New York University’s Gallatin School of Individualized Study will host Iraqi poet Saadi Youssef for a reading and discussion on Tues., Sept. 30, 6:30-8 p.m. at its Jerry H. Labowitz Theatre for the Performing Arts (1 Washington Place at Broadway). Subways: N, R (8th Street); 6 (Astor Place).
Youssef, widely considered one of the most influential poets writing in Arabic and twice exiled for political dissent, is the inaugural speaker in the Gallatin Global Writers series, which aims to highlight contemporary international authors and the diverse literary traditions and cultures from which their writing arises.
The event, co-sponsored with NYU’s Hagop Kevorkian Center for Near Eastern Studies, is free and open to the public. To RSVP, please email Allyson Paty at Allyson.Paty@nyu.edu. For more information, please call 212.998.7365.
Youssef, the author of more than 50 works of poetry and prose, will be introduced by Gallatin professor and poet Sinan Antoon, who has translated Youssef’s poetry into English. Youssef has translated Whitman, Cavafy, Ritsos, Lorca, Popa, Ungaretti, Ngugiwa Thiong’o, and Wole Soyinka into Arabic.
A rather classic photo of Ghassan Tueni. The tagline opposite reads: “The student who went to bed a philosopher and woke up editor-in-chief.” الطالب الذي نام فيلسوفا وصحا رئيس التحرير - لمن يحب ان يصححني #arabic #books #journalism #lebanon
A scrapbook-style life-and-times of Ghassan Tueni, beginning very logically with “Memories of Childhood and Adolescence.” Tueni was known as the “Dean of Lebanese Journalism” for his work at the helm of major newspaper al Nahar. #firstpages #journalism #lebanon #tumblarians #arabic #books
Skipping the #bookcover today for this wonderful title page spread: The Boy Who Became Ghassan Tueni* This is a wonderful scrapbook-style volume about the life (the photos! the documents!) of the “Dean of Lebanese Journalism.” #recommended #tumblarians #arabic #lebanon #journalism #newspapers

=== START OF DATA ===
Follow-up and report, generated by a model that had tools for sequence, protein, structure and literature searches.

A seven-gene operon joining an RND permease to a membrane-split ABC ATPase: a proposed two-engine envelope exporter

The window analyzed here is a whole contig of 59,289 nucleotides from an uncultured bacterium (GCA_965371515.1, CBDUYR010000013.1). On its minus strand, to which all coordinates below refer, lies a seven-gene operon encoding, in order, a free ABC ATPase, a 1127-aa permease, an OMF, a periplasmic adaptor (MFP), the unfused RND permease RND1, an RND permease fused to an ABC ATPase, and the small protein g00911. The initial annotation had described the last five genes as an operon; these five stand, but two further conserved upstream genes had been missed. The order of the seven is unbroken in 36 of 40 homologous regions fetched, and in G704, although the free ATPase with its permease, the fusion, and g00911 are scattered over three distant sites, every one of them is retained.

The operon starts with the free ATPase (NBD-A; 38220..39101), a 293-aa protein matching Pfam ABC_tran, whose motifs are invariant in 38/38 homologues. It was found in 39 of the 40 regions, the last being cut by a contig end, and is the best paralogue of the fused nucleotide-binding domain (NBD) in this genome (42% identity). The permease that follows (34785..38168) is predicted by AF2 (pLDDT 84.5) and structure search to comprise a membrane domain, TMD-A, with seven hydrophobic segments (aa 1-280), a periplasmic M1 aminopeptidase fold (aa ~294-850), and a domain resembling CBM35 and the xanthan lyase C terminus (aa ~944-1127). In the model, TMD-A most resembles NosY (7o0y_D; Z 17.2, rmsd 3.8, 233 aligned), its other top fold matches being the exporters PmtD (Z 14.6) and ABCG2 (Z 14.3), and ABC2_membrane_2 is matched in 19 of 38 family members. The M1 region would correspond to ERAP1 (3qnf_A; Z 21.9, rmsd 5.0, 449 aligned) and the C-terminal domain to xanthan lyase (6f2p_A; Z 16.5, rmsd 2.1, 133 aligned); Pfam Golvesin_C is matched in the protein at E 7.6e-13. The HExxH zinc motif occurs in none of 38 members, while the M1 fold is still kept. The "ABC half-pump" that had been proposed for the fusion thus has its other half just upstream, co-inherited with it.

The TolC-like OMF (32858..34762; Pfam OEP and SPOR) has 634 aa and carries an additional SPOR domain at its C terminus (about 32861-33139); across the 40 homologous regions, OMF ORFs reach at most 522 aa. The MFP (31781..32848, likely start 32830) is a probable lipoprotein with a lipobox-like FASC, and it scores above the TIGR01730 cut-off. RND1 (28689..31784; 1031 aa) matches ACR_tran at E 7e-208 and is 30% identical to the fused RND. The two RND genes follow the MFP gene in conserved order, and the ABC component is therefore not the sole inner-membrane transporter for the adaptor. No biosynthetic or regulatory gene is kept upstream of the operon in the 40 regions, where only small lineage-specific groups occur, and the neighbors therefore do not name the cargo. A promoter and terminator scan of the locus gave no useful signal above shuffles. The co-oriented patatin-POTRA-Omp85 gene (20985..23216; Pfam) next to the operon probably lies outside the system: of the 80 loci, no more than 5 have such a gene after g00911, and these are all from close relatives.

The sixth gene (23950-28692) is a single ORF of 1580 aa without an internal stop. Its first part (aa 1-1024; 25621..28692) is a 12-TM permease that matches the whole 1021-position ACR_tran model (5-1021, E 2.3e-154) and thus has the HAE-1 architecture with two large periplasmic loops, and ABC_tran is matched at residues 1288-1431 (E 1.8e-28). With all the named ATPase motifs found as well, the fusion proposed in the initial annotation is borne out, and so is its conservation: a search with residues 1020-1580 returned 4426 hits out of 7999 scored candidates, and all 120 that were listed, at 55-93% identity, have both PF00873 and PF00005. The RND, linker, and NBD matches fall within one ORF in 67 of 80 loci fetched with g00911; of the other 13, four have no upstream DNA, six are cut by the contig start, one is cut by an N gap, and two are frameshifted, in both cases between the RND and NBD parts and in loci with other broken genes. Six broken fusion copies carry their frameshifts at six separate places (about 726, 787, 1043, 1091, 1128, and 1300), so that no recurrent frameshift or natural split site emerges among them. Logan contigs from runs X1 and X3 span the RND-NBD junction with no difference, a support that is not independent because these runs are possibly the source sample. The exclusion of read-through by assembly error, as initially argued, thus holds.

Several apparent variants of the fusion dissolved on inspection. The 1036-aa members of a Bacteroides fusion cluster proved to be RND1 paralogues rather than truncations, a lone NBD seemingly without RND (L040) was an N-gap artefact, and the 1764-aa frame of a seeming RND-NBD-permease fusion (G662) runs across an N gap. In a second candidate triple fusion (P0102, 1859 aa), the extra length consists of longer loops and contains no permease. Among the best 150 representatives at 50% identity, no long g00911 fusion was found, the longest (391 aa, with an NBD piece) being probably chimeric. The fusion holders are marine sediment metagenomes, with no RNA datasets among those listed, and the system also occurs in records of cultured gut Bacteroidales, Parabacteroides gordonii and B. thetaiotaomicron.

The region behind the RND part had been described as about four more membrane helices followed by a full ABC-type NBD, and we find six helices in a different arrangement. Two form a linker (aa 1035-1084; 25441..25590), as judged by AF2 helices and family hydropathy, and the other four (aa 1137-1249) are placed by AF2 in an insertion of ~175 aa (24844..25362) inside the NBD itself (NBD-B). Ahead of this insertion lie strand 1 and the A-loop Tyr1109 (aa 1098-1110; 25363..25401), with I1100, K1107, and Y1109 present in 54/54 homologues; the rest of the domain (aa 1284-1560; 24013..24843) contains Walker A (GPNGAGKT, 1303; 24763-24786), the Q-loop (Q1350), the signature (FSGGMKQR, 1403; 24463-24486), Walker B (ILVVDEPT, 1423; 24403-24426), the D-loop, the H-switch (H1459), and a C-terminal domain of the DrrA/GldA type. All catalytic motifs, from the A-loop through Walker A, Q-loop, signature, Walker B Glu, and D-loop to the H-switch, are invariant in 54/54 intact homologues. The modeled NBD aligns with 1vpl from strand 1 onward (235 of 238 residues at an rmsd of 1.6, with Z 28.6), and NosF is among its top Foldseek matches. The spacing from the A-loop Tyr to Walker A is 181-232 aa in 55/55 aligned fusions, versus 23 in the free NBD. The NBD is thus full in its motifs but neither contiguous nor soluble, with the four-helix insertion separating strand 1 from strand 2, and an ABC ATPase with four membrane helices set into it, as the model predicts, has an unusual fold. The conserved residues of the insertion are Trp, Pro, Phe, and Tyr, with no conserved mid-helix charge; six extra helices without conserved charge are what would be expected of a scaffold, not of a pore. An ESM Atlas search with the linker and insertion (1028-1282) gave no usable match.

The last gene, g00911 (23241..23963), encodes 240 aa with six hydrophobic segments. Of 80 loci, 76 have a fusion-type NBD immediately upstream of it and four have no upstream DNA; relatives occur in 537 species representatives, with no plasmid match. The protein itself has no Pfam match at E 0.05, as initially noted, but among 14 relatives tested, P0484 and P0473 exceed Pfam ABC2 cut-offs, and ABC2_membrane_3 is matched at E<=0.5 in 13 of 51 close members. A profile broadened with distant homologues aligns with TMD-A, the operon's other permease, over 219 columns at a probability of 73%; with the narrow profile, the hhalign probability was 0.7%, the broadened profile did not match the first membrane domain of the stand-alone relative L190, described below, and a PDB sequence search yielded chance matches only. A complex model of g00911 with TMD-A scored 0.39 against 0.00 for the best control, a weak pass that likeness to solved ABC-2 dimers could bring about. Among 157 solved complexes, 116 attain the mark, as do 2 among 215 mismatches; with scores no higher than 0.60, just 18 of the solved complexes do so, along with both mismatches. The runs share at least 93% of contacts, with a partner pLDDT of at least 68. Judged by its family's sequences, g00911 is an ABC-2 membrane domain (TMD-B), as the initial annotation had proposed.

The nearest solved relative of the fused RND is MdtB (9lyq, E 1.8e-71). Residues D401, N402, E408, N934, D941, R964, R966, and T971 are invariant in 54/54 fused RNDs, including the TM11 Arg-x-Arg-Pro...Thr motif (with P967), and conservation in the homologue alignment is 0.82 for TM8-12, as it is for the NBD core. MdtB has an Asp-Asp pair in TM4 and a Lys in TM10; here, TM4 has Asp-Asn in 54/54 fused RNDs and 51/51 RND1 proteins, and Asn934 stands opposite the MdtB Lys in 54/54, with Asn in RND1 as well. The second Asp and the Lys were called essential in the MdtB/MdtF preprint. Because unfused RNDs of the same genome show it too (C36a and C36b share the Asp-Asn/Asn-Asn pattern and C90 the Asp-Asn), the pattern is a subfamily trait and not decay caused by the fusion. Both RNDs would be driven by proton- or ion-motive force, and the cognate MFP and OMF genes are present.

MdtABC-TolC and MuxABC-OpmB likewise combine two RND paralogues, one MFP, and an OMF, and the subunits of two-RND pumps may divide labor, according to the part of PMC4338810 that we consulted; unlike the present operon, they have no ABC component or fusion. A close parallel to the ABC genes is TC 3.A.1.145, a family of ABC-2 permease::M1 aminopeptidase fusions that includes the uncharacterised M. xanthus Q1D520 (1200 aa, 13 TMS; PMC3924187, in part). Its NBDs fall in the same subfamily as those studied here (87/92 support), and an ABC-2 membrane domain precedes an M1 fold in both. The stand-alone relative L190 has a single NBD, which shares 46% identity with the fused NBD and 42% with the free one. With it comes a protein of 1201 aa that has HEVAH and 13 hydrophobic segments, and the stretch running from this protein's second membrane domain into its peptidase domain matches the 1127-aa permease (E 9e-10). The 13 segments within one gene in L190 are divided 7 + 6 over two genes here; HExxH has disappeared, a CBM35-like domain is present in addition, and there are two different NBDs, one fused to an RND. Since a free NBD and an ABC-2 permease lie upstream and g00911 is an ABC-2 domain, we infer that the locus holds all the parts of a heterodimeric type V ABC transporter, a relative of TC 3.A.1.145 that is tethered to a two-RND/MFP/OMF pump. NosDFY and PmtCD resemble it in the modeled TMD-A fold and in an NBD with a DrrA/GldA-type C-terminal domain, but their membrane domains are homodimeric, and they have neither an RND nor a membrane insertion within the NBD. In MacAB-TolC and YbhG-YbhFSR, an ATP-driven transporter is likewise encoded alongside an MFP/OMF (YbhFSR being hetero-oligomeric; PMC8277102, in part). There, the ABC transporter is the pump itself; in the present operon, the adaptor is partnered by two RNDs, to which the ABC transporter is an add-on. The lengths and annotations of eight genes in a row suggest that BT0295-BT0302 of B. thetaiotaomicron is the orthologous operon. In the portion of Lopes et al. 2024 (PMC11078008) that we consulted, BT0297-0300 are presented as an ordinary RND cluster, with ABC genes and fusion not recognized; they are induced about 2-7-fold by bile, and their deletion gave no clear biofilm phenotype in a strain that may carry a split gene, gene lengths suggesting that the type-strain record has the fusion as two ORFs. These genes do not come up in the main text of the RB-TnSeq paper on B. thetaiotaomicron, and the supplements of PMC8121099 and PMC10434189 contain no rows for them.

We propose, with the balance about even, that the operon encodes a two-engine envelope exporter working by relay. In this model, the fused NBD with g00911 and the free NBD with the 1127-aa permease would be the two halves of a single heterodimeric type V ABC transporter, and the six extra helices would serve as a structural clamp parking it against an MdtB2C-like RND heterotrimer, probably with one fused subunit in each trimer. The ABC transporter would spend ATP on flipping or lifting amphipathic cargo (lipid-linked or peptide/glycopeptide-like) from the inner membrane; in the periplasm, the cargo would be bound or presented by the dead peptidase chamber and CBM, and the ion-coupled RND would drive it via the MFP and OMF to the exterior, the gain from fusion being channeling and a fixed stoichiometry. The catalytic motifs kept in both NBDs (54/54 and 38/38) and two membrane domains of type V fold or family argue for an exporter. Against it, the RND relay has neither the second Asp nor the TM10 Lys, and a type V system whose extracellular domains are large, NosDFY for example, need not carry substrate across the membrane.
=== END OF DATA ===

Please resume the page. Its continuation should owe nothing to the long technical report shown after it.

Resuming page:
*using this spelling so you can find the English Wikipedia page [woe betide the glare of fluorescent lights…]
"I do not read Arabic in 1985. So, I mostly look around at the posters. During those years, most of them featured the Indian beefcake actor, Amitabh Bhachchan and a woman provocatively fixated on a snake, her full red lips about to kiss it."
I will probably be disrespecting (out of LOVE, LOVE I tell you!) a lot of Iranian songs and artists in the coming days. Well, not that many, because it takes me longer to learn and memorize the lyrics, if not the melodies (depending on the mode). Anyway, I am not ready to post even a Bad Ukulele Cover on Soundcloud, but I found easy-ish tabs for a very very very well-known (protest song) which I came to by way of Fared Shafinury, and while it’s going to take me forever to figure out how to modify/play it so that *I* can do it, I started strumming a bit and singing what I could remember to test it out. I wasn’t very careful with pronunciation bc too many other things to think about simultaneously, and also: tired. I’m excited that the chords at least seem to match (having better luck than I’ve had with looking for songs in Arabic).
And finally, for Sabra and Shatila, 30 years ago today, Najwan Darwish’s poem: The Nightmare Bus to Sabra and Shatila. In this book it is followed by another poem, “Who Remembers the Armenians?” That poem ends with the accusing question, “You, murderer—-Who remembers you?”
I didn’t have phone service when I took this, so it’s a #latergram of (part of) a painting in the 1199 building. I didn’t get the name of the artist, since some boxes were blocking where the signature might have been.